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China Travel Spending Figures Show Economy Worse Than 2019

Neil Campbell
Neil lives in Canada and writes about society and politics.
Published: June 27, 2023
CCP travel spending data reported is down significantly or flat from 2019 but volume claims to be up.
A file photo of tourists on a ferry in Hong Kong in June of 2023. Data from the Chinese government, the Chinese Communist Party, on consumer spending during the two most recent holiday events show the curious coupling of decreased or flat spending compared to 2019 with significantly greater volume. (Image: Sawayasu Tsuji/Getty Images)

In another of several consecutive blows to the Chinese economy under its current government, the Chinese Communist Party, a new batch of data has shown that consumer spending during the June Dragon Boat Festival was lower than it was before the worldwide Coronavirus Disease 2019 (COVID-19) pandemic.

Bloomberg reported the data, which is compiled and released by the government’s Ministry of Culture and Tourism, on June 25, noting that the 37.3 billion yuan ($5.2 billion USD) reportedly spent amounts to less than 95 percent of 2019’s figure.

However, the statistic also claimed that there were 12.8 percent more domestic tourism trips made than in 2019—106 million in total.

The article noted that similar statistics were reported by the Party after the May Labor Day holiday: spending came in at 148 billion yuan, a marginal 0.7 percent higher than 2019 while total number of trips is alleged to have been 274 million, up 19 percent from before the pandemic.

The Communist Party is notorious for data manipulation and fabrication, especially with an officially reported COVID-19 case count and death count that dwarfs that of the United States and a heavily delayed Seventh National Census released in 2021 that showed hallmarks of an attempt to mitigate a severe population decline.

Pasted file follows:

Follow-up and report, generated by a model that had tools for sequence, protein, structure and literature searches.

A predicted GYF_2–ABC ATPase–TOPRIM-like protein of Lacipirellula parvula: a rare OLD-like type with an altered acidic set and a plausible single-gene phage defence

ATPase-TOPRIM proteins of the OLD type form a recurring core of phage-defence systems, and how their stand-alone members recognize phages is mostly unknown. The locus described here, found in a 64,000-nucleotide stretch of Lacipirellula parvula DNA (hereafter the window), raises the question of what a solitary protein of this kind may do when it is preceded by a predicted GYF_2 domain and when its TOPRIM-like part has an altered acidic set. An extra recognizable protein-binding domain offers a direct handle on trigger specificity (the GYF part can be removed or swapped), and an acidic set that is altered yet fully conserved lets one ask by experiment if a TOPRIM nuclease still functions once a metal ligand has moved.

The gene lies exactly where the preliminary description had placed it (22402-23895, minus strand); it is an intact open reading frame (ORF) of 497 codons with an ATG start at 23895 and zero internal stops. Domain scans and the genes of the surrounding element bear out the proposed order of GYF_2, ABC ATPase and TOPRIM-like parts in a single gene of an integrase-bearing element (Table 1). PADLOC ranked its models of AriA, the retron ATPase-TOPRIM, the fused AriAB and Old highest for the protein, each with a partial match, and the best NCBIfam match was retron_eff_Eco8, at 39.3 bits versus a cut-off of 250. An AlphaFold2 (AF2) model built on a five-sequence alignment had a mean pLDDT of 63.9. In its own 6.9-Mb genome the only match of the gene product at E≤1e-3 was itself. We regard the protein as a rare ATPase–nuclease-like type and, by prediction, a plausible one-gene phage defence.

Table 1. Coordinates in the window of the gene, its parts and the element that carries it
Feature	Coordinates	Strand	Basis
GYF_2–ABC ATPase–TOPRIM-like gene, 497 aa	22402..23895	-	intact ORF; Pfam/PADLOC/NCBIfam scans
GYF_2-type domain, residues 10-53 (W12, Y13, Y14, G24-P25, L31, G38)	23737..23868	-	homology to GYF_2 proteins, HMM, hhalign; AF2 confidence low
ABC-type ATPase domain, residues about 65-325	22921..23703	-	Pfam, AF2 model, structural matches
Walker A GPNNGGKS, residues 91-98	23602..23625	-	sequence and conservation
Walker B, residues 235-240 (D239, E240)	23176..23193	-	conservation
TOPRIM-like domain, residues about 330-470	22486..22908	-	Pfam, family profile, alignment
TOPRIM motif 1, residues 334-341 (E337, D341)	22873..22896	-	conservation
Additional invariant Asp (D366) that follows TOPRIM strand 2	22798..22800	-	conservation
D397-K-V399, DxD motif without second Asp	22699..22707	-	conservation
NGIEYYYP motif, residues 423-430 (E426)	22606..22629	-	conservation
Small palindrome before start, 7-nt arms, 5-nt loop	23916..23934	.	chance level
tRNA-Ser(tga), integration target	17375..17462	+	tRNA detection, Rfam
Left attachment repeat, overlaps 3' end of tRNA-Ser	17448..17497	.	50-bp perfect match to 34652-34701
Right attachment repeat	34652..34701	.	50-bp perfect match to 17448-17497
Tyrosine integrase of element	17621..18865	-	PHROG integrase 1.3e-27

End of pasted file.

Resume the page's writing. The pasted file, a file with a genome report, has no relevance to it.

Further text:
Spending declines are notable in that after President Xi Jinping eliminated the Zero COVID social credit system in November, the Chinese economy was forecasted by western pundits and analysts to manifest something of a renaissance, especially in tourism and manufacturing.

However, the truth of data is often reflected in the prices of commodities and equities.

Copper, one of the world’s most important metals for technology and one which the price of is tightly wed to China’s industry, bounced almost 30 percent between November of 2022 and January from $3.30 to $4.35.

However, the rally was short lived and retreated to a low of $3.54 by May, a pattern that the mainland’s equities market indexes have likewise mirrored.

Bloomberg similarly noted in a second June 25 article that both home sales and June car sales estimates are down compared to years prior.

Although the ruling Communist Party’s central bank, the People’s Bank of China, recently announced a series of stimulus measures, including rate cuts, the equities market hasn’t bought the hype.

The Hang Seng Index bottomed May 31 just above 18,000 points before rallying above 20,100 to start June on the back of promised aid.

But in the time since, the markets have given most of the gains back, closing above 18,800 points during the June 26 trading session.

Lu Ting, chief China economist at Nomura, told clients in an analysis note that the curious increase in travel volume combined with reduced spending is a condition “implying either a weaker intention to spend or less purchasing power,” Bloomberg reported.

“As pent-up demand fades and the risk of an economic double-dip becomes more real in coming months, we expect in-person services consumption growth to weaken further,” Lu added.

Not all of China’s economic news is negative. Communist Party messaging outlet Xinhua claimed in a June 25 wire that the China Film Administration reported the movie industry brought in 909 million yuan ($126 million USD) during the Dragon Boat Festival, with “80.08 percent” of revenue being generated from domestic media.

CNBC also reiterated the problems for the Chinese economy in June 11 reporting on reduced online advertiser spend heading into a “618” event similar to Black Friday.

An agent for a marketing consulting agency in China told the outlet, “We know it takes exactly the same amount of money to bring the customer into your shop today versus 2021, but the customer is going to spend about 30% less in your shop.”

“For 618, generally of course brands will be trying, but compared to before it’s a bit more tired,” she also said.

Despite the comments, data in the article showed that advertising revenue for every platform besides Alibaba and Weibo was up year over year based on March 31 financial reports from the companies.

Pinduoduo and Tencent claimed in financial reports to have roughly 50 and 18 percent more revenue from their online ad spend respectively compared to the previous year.

The article noted that Chinese government data states that urban residents, on average, benefit from more than 12,000 yuan ($1,700 USD~) in disposable income, a figure up almost 4 percent from the prior year.

Yet the increase stands at odds with a reality wherein much of China’s factories were shuttered and people were held under house arrest for months at a time during Zero COVID social credit.